Poetry

luka

Well-known member

THERE ARE OTHER WAYS TO PAY

Inside this living heart will you know how and when to cheat death / and could it then be said we are travelling faster than the sun / what is rounder and more orange than blades flexing against the light / breaking entry against hot warped bodies grazing in sandy fantasy / so gird against the second wave / or subsequent waves / our warm bloodied frenzy heals against the distance we have come / from misery terrace / musk lynx and half chewed fish bones eek out an existence / this triumphant Shangri-la / was built from scaffolding and shrewd divestments of aggregate / now skimming low across the sea bed / azure fronds folding and all eels and shoals / spear in hand / floating somewhere in the med / Neptune they called me / down at the local bar / just an old lemon turning Larkin / pressing against grey flabby bottoms / on such a perfect roll / even Kleinzahler couldn’t take it away / all cyclopean walls and Scops owls whacking it down in one great big dollop / there are other ways to pay they said.
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Corpsey

bandz ahoy
I've been mainly reading poetry (when I read at all) lately – I'm trying to crack "A Farewell to Arms" (Cos I saw the ken burns hemingway doc on iplayer) and it's hard going only 46 pages in.

You begin (don't you?) to find that good poetry compresses all the good bits into let's say 14 lines

Whereas novels tend to string out the good bits and you're left sighing your way through paragraph after paragraph about the weather...

Anyway, reading a bit about prosody and scanning lines has helped unlock a fair bit of it for me in recent weeks – particularly Auden, but also been reading all sorts of poets from the canon, e.g. Coleridge, "Frost At Midnight", "Dejection: an Ode" (his good bits aren't all that compressed but there are certainly good bits to be found), Sidney ("I sought fit words to paint the blackest face of woe, / Studying inventions fine, her wits to entertain, / Oft turning others’ leaves, to see if thence would flow /Some fresh and fruitful showers upon my sunburned brain."), Pound's famous "pull down thy vanity" thingamajig... Hopkins, "Windhover" and various sonnets...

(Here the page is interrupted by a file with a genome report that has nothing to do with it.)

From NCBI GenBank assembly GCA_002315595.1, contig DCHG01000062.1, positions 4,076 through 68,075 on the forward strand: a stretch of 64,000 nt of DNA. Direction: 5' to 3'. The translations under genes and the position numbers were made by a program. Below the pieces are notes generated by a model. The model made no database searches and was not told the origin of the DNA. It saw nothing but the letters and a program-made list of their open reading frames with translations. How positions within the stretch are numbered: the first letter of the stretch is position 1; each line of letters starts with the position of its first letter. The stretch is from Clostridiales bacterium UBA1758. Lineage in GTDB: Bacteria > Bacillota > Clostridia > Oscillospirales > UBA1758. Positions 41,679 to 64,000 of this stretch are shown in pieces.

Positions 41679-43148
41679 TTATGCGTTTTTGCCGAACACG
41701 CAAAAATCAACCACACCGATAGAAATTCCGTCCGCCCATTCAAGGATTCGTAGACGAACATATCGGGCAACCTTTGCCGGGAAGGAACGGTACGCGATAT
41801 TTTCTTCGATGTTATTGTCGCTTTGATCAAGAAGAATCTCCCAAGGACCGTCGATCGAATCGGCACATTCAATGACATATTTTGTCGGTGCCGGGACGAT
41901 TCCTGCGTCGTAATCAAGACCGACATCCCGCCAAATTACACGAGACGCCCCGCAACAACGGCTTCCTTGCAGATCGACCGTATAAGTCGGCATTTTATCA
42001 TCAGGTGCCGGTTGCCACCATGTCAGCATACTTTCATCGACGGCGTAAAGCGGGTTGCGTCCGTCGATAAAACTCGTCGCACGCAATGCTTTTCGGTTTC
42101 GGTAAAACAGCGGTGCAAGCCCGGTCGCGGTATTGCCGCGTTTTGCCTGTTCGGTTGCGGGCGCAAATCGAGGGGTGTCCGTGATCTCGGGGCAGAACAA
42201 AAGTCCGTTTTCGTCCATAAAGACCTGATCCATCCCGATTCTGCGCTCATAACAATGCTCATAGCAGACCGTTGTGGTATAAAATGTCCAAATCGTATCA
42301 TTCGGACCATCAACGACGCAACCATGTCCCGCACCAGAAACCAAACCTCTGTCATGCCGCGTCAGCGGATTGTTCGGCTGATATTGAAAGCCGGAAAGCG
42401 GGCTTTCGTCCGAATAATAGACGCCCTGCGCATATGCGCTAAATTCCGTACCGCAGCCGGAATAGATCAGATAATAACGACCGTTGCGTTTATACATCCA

Also been reading bits and pieces of Matthew Arnold's prose/poetry criticism and feel torn over it because on the one hand he keeps being illuminating and eloquent but OTOH I keep scowling at him because it all seems very vague (even if i agree with it) – that classic poetry is "Serious", in the sense of being sober and serious about life in the way the beloved Greeks were (although there's a good essay by arnold on how the greeks were the 'Modern' ancients).

Anyhow, it's discouraging when he quotes some passage of Milton or Homer and says something like "you can't help but recognise how great and thrilling this is" and of course you haven't recognised this, you can't feel the thrill he does, so you end up thinking either he's talking shit or I'm just thick
 

Corpsey

bandz ahoy
As a noted thicko I definitely prefer Coleridge's ballads to his blank verse

As rhyme schemes go I prefer ABAB to ABBA – and concluding couplets (Even shakey's) run the risk of sounding facile
 

Corpsey

bandz ahoy
A noteworthy poem the prosodists use in their book

Borges

One thing does not exist: Oblivion.
God saves the metal and he saves the dross,
And his prophetic memory guards from loss
The moons to come, and those of evenings gone.
Everything is: the shadows in the glass
Which, in between the day’s two twilights, you
Have scattered by the thousands, or shall strew
Henceforward in the mirrors that you pass.
And everything is part of that diverse
Crystalline memory, the universe;
Whoever through its endless mazes wanders
Hears door on door click shut behind his stride,
And only from the sunset’s farther side
Shall view at last the Archetypes and the Splendors.

Translated from Spanish by Richard Wilbur
 

luka

Well-known member
Blackheath Comission

The roof of the world they call it
This broad plateau, high above the city
Where you can watch the tiny rise or set in a corner of the sky
Clouds swag across the deep, gilt-edged and almost incandescent
This barren, blasted Heath, this crow-plagued plague pit, beaks
Buried in carcass, green, scrubby traffic island, with the lorries
In and out of Dover and the continent